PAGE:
Normally, flying in an airplane is a horrible, brain-destroying experience that makes me feel like several hours of my life have been stolen from me. However, on the flight back from Wyoming (which left from Denver, because Denver is apparently next to Wyoming), I amused myself by watching the interaction between the three bro-ish fellows in the row in front of me and the girl who was in the row in front of them.
Say whatever you want about bros, but they are often a very handsome lot, and this trio was particularly good-looking. As I gleaned from their conversation, they were headed back from a bachelor party. This was particularly fortuitous, because they all mapped perfectly onto characters from the Hangover franchise. There was a tall, blonde, aloof Bradley Cooper type, and a medium-sized blue-eyed sober-minded Justin Bartha type, and a weedy, awkward, socially inept, Zach Galifanakis type.
I started watching them when Justin offered to buy a drink for the girl in front of them, who was wearing a green hoodie and high-waisted cutoffs and, honestly, looked about sixteen years old. As far as I can tell, she was dismayed because Southwest only takes credit cards, and she didn’t have one. She was a little reluctant to take his money, but I think he used some sort of drink ticket, and for some reason (probably because it wasn’t freely fungible for money and as such didn’t feel as crass) that was more acceptable to her.
After that, the girl and the three guys struck up a long conversation. She talked about how she rides horses on her parents’ farm, and how her horse had recently foaled, and they talked about their weekend (she was very impressed that Bradley had bought a $500 ticket just so he could spend 36 hours partying with his friend Justin).
I was fascinated by the encounter, because she was obviously very young looking, and these guys, although handsome, were three very dissipate thirty plus year olds (all of whom consumed multiple drinks during our two-hour Sunday evening flight). It was interesting to watch the mating calls of people who are roughly my age but not from my hipster-leaning social group. I’ve always been somewhat partial to the bro-types, because there’s something a bit refreshing about their confidence. For instance, hipsters don’t really flirt, because flirting means being comfortable with ambiguity: when you flirt, you have to accept that neither you nor the other person is being exactly clear about where things will go or what your intentions are.
And there’s something very open about the bros. They have enthusiasm. For instance, when she was talking about her horses, they seemed really into it. It’s obviously a sort of display–they’re trying to appear friendly and charming–but it’s a display that doesn’t contain irony or subtextual posturing. For instance, they started teasing the girl about the names of her horses–the horses had really human names, like Anna or Jim–it didn’t sound like they thought they were better than her, or like they were trying to score points.
So I was like, wow, have I been wrong about the bros this whole time? Are they a gentle, charming people?
But then the girl got up to go to the bathroom and, while she was gone, Zach leaned over and, in a low, smarmy tone of voice, said something like, “Hey, I bet she’d really be stoked if you offered to show her around San Francisco. Tell her to come up. Hell, why don’t we all ride horses together. We could all ride horses on the beach,” and then he made the fist-punching gesture, that functions as the universal symbol for ‘Let’s tap that’ and they went through a round of sniggering.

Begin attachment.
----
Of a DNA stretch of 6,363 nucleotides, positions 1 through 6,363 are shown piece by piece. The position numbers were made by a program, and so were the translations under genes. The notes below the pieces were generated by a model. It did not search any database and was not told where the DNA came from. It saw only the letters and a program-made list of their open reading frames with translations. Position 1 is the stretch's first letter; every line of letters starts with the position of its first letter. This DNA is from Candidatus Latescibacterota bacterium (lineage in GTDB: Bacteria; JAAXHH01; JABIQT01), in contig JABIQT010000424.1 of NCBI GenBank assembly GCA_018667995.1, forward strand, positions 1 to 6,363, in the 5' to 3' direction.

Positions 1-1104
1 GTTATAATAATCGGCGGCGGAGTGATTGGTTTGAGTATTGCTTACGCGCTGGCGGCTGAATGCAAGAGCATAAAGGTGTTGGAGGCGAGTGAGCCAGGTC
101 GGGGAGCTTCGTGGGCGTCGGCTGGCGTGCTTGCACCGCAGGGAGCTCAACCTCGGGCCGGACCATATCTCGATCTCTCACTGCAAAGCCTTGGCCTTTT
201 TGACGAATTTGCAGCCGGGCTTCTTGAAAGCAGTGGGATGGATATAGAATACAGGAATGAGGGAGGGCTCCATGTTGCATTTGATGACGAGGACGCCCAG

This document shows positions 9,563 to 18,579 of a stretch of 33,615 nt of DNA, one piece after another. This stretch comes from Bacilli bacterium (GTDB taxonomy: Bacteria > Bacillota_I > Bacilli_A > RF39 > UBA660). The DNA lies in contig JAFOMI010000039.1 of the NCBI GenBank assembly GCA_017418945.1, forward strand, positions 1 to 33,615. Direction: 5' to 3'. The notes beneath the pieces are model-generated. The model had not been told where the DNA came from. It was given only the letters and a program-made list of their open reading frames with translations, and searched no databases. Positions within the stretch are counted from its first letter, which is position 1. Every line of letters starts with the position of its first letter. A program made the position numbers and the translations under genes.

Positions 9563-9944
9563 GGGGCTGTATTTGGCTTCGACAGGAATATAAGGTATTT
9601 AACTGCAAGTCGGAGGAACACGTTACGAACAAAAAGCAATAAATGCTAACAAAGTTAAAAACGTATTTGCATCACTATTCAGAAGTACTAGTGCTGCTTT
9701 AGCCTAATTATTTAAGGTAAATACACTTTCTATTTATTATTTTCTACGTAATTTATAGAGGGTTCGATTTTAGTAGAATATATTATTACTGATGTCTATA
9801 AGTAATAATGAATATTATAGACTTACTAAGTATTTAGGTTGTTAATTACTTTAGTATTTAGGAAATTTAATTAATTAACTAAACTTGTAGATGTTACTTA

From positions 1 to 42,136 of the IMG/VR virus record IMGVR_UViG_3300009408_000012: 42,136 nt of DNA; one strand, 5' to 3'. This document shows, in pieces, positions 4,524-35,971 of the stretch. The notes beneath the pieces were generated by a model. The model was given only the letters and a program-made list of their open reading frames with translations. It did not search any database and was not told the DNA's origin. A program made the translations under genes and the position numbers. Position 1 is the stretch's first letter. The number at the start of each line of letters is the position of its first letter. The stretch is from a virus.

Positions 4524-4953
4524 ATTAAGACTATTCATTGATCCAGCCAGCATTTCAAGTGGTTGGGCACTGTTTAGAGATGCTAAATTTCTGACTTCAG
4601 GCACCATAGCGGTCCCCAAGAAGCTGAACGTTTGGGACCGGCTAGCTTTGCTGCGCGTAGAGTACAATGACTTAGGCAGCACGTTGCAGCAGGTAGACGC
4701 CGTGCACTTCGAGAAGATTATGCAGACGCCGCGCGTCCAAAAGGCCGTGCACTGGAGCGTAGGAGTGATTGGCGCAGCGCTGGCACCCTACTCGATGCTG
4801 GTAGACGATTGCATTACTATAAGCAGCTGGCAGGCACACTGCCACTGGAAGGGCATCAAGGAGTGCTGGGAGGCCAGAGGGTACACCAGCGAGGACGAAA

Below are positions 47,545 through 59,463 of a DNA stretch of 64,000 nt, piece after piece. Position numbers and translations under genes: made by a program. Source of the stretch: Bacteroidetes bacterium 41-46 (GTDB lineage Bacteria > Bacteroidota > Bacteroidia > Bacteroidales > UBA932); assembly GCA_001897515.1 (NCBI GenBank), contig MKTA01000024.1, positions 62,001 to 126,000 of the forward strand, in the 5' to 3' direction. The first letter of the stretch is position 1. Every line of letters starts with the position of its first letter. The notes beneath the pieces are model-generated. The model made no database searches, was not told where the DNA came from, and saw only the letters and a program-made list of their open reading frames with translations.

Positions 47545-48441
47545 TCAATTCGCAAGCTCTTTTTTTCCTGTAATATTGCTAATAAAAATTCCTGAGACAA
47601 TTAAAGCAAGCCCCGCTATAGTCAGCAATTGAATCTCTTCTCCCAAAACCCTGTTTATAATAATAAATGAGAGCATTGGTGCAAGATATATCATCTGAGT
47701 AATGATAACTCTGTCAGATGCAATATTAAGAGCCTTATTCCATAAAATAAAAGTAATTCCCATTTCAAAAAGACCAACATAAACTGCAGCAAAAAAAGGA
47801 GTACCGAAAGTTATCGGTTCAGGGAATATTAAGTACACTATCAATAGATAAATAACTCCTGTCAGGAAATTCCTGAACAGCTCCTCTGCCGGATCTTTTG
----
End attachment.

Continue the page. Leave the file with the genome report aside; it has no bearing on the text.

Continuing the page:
At that point I was all like Ahah! They’re exactly what I thought!
But then they came back, and she started showing her pictures of her foal, and they oohed and ahhed over it and seemed so genuinely touched that I was like, huh, I don’t know, maybe this enthusiasm isn’t what’s being faked…maybe it’s the smarminess that was fake….
After the flight ended, I watched to see if there are any further developments, but the girl went off to baggage claim and the bros immediately headed to the airport bar to see what was going on with the Warriors game. What I’d interpreted (and what one of the men had explicitly described) as sexual predation was, really, probably nothing more than an airplane flirtation.
In the end, I think this story probably reveals more about my own tendency to try to fit a narrative onto things. Because what I saw, ultimately, was four tired people who were crammed into a plane together and engaged in an hour or so of conversation that was, undoubtedly, enlivened by a mutual attraction. And, as in all conversations, there was an element of performance (would they have been interested in her horses if she hadn’t been so pretty? Would she have shown the horses to them if they hadn’t been so handsome?) but there was also an element of human connection–displays of emotion that, although partially a result of sexual attraction, were also genuinely felt.
And yes, when the girl was gone, the guys did feel the need to paper over the things they’d said and done by attributing them to an explicit sexual motivation, but, ultimately, that seems more a matter of socialization than of character. Like me, they act differently around people they’re attracted to. But, unlike me, they exist in a social system where certain behaviors are only acceptable in the context of sexual attraction. In this case, I’m left wondering if bros flirt not so much to get with women, but because flirtation is one of the only contexts in which they’re allowed to be enthusiast over non-masculine things.